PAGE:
Terramation or ‘human composting’ has been legalised in six US states recently yet it’s still not offered anywhere in Europe.
In most European countries the only options when you die are cremation or a traditional burial.
What you can do with a dead body is often heavily restricted, but there is a growing demand for more options, particularly ones that are environmentally friendly.
“Funerals are a real public health problem and a real pollution problem. But because it's a death issue, we're not going to talk about it,” says Frances Valdes, the president of Humusation France, a group that is campaigning for the legalisation of human composting. “So we turn a blind eye. We stick our heads in the sand.”
What is the environmental impact of cremation?
Cremations have a significant carbon footprint. The incineration of a body in a casket releases toxic waste gases such as nitrogen oxides and sulphur dioxide.
Around 245kg of carbon emissions are generated by one cremation, the equivalent of charging your smartphone over 29,000 times.
Traditional burials also have negative environmental consequences. The chemicals used in the embalming process can leak out and pollute the surrounding soil and waterways. Not to mention the logistical problem of finding enough space for gravesites.
The appetite for eco-friendly options is evident. A YouGov poll of 4,987 adults in the UK released this week found that 44 per cent probably would or definitely would consider being turned into compost when they die.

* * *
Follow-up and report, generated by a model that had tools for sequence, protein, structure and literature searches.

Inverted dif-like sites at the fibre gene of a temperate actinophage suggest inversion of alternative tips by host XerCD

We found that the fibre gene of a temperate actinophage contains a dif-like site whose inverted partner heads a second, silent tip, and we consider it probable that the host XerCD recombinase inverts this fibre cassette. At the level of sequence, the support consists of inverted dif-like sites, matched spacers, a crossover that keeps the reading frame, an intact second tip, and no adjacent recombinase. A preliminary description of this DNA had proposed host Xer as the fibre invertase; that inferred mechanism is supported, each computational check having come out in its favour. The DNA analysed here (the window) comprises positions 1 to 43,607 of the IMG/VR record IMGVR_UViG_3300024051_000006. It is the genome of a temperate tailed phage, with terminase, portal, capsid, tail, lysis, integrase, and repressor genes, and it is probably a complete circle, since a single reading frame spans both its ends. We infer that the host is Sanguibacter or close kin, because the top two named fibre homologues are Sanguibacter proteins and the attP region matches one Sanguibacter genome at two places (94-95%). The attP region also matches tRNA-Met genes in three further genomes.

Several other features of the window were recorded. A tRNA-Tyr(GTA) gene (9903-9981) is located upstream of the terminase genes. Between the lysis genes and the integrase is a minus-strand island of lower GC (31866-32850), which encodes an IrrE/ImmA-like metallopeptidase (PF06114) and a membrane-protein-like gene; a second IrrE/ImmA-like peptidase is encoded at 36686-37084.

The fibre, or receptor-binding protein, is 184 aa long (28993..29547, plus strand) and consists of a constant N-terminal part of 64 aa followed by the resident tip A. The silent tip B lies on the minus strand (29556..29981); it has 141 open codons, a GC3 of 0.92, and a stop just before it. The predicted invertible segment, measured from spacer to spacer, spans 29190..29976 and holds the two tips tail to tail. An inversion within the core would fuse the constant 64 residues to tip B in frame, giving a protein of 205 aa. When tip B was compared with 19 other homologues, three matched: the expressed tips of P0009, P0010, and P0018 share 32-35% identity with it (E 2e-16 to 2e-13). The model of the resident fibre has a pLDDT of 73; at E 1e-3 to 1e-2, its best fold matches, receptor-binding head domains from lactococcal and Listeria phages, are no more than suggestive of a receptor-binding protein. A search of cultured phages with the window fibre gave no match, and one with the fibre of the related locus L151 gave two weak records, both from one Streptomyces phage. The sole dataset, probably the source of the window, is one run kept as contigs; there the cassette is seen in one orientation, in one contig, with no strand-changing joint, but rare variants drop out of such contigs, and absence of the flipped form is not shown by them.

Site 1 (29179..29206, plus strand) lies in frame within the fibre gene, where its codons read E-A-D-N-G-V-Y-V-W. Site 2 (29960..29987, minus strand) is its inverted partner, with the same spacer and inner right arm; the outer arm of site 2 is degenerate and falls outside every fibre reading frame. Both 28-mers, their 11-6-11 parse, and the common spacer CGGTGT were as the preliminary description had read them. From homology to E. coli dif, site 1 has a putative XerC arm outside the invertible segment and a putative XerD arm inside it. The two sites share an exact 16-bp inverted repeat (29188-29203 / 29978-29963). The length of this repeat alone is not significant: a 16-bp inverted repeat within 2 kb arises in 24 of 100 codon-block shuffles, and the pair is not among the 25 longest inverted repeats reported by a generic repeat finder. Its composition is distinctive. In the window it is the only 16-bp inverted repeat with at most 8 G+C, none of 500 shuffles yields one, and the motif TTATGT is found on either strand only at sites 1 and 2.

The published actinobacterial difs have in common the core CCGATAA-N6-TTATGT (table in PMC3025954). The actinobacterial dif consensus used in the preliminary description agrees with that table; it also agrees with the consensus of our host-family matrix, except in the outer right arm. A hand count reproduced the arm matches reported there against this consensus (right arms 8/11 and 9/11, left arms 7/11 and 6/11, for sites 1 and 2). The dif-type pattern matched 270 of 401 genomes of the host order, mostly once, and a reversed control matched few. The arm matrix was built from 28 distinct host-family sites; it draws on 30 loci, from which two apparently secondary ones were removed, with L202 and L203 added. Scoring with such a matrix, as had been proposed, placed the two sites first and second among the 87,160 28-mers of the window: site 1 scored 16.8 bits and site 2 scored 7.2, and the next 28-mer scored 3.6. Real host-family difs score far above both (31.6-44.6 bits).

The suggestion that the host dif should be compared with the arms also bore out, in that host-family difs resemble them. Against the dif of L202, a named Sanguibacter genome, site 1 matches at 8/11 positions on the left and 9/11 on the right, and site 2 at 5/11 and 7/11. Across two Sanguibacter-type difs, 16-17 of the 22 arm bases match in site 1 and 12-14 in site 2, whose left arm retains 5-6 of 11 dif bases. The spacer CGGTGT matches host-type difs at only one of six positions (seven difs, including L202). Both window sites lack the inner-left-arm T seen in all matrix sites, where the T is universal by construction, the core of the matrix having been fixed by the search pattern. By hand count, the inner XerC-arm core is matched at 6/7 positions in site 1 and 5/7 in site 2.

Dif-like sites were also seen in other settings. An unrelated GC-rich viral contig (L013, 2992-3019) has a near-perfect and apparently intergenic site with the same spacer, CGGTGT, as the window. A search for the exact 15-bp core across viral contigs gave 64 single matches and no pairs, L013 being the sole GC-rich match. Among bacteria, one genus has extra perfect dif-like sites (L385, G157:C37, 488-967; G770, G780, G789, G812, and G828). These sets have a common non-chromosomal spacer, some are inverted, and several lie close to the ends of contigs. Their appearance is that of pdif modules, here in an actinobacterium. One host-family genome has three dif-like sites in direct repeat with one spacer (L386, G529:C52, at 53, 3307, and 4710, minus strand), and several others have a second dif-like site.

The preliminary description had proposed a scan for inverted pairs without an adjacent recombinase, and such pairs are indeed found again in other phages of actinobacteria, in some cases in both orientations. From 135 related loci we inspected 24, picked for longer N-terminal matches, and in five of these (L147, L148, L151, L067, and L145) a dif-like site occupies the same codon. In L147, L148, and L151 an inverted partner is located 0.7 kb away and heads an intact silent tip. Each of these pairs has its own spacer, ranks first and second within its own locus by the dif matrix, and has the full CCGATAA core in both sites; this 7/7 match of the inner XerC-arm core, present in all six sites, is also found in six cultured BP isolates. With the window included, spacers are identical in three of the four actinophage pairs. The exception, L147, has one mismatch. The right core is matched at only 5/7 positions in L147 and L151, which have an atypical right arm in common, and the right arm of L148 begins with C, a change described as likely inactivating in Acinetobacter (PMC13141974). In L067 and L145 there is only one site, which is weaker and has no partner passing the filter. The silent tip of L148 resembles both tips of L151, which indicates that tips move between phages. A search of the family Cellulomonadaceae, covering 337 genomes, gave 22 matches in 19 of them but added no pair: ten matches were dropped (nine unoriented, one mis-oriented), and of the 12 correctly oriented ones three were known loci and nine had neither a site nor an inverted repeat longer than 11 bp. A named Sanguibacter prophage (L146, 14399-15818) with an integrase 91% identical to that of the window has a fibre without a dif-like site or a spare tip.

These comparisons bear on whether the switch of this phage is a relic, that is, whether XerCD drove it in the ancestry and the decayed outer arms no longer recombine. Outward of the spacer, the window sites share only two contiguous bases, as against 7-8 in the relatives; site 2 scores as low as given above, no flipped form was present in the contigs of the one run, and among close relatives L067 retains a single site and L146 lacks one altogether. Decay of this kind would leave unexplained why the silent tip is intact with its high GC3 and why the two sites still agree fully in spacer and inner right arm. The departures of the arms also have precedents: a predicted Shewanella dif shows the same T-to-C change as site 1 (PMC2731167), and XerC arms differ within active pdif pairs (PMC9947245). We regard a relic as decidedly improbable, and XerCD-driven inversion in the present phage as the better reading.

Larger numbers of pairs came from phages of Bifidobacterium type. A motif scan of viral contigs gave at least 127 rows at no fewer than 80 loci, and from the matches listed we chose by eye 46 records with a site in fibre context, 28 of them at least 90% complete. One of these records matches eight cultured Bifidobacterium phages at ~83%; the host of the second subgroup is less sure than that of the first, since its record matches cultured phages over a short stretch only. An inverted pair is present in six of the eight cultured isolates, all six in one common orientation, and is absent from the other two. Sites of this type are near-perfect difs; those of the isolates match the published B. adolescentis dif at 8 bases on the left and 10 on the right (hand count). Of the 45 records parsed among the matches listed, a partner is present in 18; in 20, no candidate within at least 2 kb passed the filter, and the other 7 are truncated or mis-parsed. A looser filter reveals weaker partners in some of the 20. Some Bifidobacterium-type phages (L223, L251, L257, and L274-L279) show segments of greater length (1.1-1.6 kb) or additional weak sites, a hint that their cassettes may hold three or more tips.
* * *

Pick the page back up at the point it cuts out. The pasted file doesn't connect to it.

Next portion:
What exactly is human composting?
The body-composting process that has been legalised in Washington, New York, California, Colorado, Oregon and Vermont is called natural organic reduction or terramation.
Corpses are placed in airtight vessels and surrounded by a bulking mixture of the alfalfa plant and sawdust. These organics quickly gather and retain heat naturally, avoiding the costly fossil fuel expenditure of conventional crematoriums.
The heat speeds up the microbial activity and after about 30-50 days, the body is transformed into organic matter. Bones and teeth do not break down in this process and are ground down separately using specialised equipment and then mixed in with the rest of the soil.
The new soil is then left for around another 30 days to allow it to stabilise and dry before it is given to the family of the loved one.
Where has human composting been legalised?